Each case is unique and professionals need to gauge the type and amount of information to provide. It is best to avoid making predictions about outcomes. Instead, listen to the parents’ dreams and desired outcomes for their children. Professionals should provide research data on outcomes and variables that can be controlled (e.g. hearing technology). Parents should be directed to resources so that they can do their own research. When parents’ dreams for their children have been heard and understood by professionals, parents will be more open to developing a plan of action in a collaborative fashion and following it.

Be mindful of when and how we share information.  Is it necessary to call a parent on a Friday afternoon to recommend a cochlear implant candidacy investigation when your next appointment with them is on Monday? Is it necessary to tell a parent of a one year old child to work on producing “s’ in words?  Is it necessary to provide parents of a newly diagnosed infant with a thick binder of information on hearing loss?  Is it necessary to tell a child that he’s a good boy when he hears a clock ticking?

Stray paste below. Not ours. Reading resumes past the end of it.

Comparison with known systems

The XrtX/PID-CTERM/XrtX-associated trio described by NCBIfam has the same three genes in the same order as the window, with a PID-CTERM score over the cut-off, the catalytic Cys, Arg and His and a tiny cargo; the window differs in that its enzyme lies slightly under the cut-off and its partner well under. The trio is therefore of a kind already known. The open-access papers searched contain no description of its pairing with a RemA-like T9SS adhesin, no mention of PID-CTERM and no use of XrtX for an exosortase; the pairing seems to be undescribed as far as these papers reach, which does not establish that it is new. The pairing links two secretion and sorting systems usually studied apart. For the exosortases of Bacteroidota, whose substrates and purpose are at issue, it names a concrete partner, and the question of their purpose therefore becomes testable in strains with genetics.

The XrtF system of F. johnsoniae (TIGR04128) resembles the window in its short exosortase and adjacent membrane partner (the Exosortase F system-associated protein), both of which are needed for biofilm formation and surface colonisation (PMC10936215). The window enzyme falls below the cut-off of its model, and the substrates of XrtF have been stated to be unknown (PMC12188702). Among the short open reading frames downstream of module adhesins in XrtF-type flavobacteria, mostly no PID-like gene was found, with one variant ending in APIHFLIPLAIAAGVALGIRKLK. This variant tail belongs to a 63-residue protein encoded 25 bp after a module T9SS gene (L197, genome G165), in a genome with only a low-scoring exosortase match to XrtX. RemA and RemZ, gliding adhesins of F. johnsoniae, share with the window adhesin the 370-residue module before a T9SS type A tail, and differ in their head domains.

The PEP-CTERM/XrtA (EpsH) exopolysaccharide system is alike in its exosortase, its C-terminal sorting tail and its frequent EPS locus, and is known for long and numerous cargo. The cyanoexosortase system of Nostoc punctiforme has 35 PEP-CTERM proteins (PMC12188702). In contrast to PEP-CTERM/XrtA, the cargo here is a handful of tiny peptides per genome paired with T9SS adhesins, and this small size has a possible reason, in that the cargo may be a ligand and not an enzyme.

When we take the time to consider the necessity of the information we provide to parents and children, chances are they will be more open to listening and moving forward with a plan of action.


Kindness is not just about being polite or generous; it’s also about having and demonstrating empathy.